Art Landry

Art Landry & His Orchestra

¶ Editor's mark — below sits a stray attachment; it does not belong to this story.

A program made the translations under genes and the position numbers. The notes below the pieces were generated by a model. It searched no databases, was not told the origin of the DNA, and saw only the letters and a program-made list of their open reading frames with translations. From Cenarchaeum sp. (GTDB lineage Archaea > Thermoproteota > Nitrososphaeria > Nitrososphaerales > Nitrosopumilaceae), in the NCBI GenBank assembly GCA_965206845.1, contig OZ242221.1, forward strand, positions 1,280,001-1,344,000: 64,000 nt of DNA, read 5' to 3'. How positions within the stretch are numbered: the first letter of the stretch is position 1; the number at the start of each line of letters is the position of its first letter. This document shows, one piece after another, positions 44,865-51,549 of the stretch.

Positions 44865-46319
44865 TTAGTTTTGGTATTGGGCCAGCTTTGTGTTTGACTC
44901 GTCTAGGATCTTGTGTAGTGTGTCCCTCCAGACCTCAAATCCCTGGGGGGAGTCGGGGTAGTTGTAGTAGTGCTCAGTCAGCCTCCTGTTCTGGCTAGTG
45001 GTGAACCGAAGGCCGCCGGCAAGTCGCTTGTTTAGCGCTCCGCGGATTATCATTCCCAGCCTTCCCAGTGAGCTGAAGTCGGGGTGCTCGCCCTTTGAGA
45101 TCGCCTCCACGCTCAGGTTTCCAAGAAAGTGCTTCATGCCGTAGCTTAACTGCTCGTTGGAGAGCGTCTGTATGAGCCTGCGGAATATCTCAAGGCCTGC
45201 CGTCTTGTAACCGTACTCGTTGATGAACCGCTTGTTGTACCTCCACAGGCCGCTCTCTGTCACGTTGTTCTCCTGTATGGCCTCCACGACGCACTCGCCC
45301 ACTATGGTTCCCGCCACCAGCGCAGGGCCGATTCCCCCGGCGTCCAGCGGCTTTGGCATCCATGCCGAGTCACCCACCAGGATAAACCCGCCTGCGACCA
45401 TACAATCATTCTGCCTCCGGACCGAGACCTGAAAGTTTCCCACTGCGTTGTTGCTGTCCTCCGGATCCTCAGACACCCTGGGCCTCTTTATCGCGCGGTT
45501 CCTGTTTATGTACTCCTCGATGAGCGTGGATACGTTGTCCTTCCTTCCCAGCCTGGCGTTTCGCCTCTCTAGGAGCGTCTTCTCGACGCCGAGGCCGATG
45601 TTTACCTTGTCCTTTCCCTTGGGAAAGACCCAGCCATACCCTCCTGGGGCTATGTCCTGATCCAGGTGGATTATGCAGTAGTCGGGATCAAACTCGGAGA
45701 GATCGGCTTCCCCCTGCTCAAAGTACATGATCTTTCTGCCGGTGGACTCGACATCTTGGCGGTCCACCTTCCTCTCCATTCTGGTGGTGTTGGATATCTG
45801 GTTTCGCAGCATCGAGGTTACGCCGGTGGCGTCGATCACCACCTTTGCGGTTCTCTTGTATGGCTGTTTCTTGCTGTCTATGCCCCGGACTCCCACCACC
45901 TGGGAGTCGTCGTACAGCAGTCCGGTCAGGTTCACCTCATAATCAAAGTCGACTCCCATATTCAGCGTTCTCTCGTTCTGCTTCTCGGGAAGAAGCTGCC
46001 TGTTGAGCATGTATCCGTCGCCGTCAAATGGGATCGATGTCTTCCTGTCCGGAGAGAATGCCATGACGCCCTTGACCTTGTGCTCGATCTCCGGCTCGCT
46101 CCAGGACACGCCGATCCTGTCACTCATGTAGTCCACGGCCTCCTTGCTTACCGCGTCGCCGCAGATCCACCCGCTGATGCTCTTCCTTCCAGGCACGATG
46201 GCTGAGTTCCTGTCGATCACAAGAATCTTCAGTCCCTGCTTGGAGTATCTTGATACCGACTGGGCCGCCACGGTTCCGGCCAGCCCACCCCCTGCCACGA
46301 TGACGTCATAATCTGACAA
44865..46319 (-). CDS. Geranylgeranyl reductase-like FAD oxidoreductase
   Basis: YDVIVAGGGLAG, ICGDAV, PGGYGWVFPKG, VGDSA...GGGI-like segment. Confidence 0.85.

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Taking into account the strong influence of African-American jazz upon his work during the 1920s, it is unfortunate that Art Landry has been posthumously eclipsed by Paul Whiteman and a handful of other more widely publicized, commercially successful bandleaders. Given Landry's near-absence from the digital reissue marketplace, Swing Time's sampler of his Victor recordings from 1924-1926 should be regarded as a stash of inestimable importance. Waxed in Oakland, California, Camden, New Jersey, and New York, New York, these are predominately hot jazz sides peppered with the occasional pop vocal. Landry's hit recording of "Sleepy Time Gal" features sweet vocalist Henry Burr, whose given name was Harry H. McClaskey. "It'll Get You" features some really fine trumpeting by either Jimmy Greco or Skid Owens, or both. Trombones were handled by Boyce Cullen and Al Marineau, who also sang. Additional vocals are attributed to pianist Red Thomas, as well as sax and flute man Dinty Curtis, who shared the reed section with Carl Gauper and Horace "Zip" Keyes. Landry himself played clarinet, violin, and alto sax. His fiddle is featured on "Swamp Blues." Landry's Gennett recordings were made in 1923 and primarily released under the billing of his Call of the North Orchestra. As the Gennetts have yet to be reissued in a comprehensive set, the Victor recordings presented here stand as the definitive monument to this unjustly neglected artist.

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